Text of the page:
He also talks about the difficult issue of firing people – which should be done quickly and fairly – and the importance of building insights about mis-hires into the company’s future approach. For those people that are a good fit, it’s vital to look after them through a well-developed HR department.
An interesting distinction he makes is between two types of CEO personality: ones and twos. Ones are good at creating strategic growth strategies whereas twos are most at home when implementing that strategy, they’re the “doers”.The key point to understand is that whatever category you fall into it’s vital to keep developing the skills that lie outside of your natural talents.
If you ever struggle with positions of leadership – as it’s completely natural to do – then it’s definitely worth reading.
Epic Content Marketing by Joe Pulizzi – How to Tell a Different Story, Break Through the Clutter, and Win More Customers by Marketing Less
Joe Pulizzi is one of the most respected names in content marketing, best-known for his company The Content Marketing Institute. In Epic Content Marketing he outlines his strategy for planning, building and running an industry-standard content team, all the time emphasizing the central role that it should play in a company’s overall marketing strategy.
Pulizzi argues that the crash-and-clamour of traditional advertising, vying for attention by shouting louder, will soon be a thing of the past. Rather, it’s a company’s ability to understand its potential user base and provide content-based solutions that, Pulizzi argues, will determine its success.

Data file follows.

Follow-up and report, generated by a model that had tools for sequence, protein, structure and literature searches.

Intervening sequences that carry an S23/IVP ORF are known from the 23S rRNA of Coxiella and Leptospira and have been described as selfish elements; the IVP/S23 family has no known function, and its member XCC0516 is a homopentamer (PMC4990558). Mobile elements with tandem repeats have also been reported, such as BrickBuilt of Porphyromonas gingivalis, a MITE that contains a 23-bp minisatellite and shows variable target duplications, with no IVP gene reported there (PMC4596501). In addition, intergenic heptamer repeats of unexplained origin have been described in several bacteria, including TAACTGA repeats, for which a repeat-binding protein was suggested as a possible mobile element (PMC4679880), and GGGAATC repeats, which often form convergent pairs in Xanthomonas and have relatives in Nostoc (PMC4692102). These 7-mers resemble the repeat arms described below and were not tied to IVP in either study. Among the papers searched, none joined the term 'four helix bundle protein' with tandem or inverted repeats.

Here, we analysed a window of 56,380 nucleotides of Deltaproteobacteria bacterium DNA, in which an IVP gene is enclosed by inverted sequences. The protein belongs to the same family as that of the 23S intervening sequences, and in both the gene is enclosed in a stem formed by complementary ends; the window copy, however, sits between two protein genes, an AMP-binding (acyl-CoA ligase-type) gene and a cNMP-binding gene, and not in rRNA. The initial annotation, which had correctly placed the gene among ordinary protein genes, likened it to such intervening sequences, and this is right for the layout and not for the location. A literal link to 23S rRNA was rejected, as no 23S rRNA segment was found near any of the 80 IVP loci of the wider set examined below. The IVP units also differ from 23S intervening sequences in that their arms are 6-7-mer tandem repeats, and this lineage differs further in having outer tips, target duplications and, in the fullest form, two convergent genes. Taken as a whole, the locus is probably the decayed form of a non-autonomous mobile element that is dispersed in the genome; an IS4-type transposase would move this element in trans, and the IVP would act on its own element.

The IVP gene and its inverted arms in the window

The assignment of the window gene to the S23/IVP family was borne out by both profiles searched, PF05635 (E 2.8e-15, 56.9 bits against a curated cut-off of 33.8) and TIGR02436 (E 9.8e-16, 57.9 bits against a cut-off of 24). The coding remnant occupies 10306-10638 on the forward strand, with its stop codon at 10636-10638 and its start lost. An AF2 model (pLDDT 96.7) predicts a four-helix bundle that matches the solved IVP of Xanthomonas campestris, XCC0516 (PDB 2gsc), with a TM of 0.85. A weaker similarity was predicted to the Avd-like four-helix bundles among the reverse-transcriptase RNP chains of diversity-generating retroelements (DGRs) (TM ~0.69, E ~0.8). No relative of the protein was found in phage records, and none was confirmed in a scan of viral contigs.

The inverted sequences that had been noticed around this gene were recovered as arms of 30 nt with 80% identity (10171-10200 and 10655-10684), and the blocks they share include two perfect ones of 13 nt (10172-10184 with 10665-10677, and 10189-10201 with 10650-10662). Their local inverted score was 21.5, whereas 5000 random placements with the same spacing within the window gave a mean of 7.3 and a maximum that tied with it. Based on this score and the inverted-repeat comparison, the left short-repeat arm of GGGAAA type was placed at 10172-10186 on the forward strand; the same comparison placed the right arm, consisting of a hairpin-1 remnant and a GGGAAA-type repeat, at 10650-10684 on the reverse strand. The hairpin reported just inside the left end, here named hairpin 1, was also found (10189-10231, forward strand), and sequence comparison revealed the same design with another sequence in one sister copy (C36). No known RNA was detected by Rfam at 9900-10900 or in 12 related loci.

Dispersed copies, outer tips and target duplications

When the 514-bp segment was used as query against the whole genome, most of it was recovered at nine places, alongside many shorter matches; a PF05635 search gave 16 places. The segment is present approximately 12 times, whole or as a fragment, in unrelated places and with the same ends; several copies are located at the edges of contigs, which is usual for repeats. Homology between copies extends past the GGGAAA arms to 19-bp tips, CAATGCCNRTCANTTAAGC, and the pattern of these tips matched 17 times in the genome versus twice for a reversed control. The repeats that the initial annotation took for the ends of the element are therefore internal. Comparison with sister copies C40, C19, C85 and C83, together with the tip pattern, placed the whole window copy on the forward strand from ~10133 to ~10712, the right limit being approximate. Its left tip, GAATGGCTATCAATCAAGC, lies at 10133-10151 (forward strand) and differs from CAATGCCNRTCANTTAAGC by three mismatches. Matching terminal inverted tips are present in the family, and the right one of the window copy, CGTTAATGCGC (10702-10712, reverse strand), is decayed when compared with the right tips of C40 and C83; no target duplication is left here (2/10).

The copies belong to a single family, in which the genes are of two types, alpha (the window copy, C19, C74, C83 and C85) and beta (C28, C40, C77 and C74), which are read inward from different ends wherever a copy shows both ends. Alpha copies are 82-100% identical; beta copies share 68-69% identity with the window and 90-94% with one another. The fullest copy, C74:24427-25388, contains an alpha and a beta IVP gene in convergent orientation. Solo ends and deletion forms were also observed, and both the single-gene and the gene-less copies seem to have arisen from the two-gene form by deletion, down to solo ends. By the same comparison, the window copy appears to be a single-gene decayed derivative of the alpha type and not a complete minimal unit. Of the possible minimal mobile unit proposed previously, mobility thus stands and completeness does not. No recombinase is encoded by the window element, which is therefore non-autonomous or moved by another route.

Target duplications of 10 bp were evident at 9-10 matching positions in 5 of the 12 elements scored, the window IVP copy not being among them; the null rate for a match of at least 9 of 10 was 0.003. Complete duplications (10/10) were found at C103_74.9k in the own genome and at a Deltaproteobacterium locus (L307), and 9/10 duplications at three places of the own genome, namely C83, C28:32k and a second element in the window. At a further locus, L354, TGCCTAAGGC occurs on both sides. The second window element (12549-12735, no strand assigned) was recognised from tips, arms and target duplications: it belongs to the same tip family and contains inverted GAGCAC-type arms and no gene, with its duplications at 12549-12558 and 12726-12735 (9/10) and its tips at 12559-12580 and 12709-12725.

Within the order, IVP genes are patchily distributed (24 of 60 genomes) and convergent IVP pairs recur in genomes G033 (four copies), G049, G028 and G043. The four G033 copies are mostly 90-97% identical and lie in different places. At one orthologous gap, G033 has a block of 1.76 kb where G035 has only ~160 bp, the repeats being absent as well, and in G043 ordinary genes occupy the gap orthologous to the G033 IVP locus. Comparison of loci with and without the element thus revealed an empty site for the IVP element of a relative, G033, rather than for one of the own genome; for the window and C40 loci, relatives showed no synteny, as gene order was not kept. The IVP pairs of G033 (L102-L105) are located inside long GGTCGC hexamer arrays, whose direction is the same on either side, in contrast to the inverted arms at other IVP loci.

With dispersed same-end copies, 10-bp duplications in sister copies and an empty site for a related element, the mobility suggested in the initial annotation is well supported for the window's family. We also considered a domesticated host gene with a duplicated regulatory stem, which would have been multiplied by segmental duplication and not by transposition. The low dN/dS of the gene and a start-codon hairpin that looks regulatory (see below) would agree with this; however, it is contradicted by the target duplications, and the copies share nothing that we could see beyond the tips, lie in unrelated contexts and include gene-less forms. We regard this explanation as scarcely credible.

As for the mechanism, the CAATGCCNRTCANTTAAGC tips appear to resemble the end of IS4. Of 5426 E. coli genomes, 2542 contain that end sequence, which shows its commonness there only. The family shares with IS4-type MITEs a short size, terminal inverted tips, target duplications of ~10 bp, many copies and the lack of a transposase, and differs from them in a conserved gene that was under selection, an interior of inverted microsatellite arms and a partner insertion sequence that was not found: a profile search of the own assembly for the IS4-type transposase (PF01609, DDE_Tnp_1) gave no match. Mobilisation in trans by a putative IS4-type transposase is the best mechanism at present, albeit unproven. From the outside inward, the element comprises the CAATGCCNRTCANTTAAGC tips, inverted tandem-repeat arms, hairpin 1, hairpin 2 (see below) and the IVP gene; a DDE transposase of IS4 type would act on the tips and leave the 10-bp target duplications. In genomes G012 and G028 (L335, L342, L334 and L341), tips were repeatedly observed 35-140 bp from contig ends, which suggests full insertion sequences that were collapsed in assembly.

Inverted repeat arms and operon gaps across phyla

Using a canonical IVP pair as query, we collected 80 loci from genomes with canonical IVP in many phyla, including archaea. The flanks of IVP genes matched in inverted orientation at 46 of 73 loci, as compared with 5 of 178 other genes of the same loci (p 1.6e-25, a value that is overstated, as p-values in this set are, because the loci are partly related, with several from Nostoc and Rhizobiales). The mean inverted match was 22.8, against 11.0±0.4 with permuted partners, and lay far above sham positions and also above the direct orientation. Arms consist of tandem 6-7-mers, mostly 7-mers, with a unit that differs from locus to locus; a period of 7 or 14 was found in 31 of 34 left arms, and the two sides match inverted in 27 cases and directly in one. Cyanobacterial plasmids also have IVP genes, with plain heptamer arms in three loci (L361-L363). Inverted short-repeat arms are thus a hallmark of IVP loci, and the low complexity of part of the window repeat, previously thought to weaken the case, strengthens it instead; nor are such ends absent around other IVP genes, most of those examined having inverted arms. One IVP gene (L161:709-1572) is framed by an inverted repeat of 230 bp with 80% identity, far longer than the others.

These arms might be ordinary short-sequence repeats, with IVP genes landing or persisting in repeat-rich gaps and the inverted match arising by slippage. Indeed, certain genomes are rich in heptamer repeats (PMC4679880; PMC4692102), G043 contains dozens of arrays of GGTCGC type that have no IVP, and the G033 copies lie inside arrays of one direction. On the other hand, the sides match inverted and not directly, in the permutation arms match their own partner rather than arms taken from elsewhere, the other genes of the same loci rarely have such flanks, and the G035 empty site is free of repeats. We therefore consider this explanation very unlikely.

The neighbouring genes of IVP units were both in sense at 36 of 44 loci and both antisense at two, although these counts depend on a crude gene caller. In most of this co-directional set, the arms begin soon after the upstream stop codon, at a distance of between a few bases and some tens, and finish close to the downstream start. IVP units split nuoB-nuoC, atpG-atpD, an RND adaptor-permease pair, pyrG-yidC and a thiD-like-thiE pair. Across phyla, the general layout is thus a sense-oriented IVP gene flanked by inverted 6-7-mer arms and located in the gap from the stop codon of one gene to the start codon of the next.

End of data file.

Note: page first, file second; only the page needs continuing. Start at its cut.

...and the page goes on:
He outlines three types of content marketing: content-awareness, thought-leadership and storytelling. Content-awareness consists of providing valuable information alongside a company’s offering (such as through a blog) in order to raise awareness about its brand. Thought-leadership is about providing industry-leading ideas and advice, thus framing a brand as an innovator. Finally, storytelling is about incorporating a brand’s unique mission into the content that’s provided. Each one has its place and all are effective.
The later part of the book talks about some of the best methods of promotion and ROI measurement. A great example is the 4-1-1 social media strategy, in which four pieces of third-party content are shared, one original piece and one advertisement.
Pulizzi is keen to point out that content marketing shouldn’t replace traditional promotion, but rather that it now deserves a permanent place alongside it.
Steve Jobs by Walter Isaacson
Ever wondered why Steve Jobs believed he could cure his cancer by eating fruit? Or how LSD is responsible for some of the world’s most iconic brands? If you have, then this book, packed with both personal and business insights, is for you.
Isaacson writes about how Jobs’ approach to the world of computing was shaped as much by his interest in art and spirituality as it was by his keen business sense, how his controlling temperament often worked against him, and, importantly, how his life was defined by many failures alongside his successes.
There are many actionable marketing tactics to be learned from Job’s example. Take for instance, his digital hub strategy where every aspect of the digital experience was catered for through the iPad, iPhone and iPod. Or his insistence on “closed systems”, controlling every aspect of product creation.
I won’t divulge too much information. It’s more a story than it is a “manual”, but it’s well worth your time even so.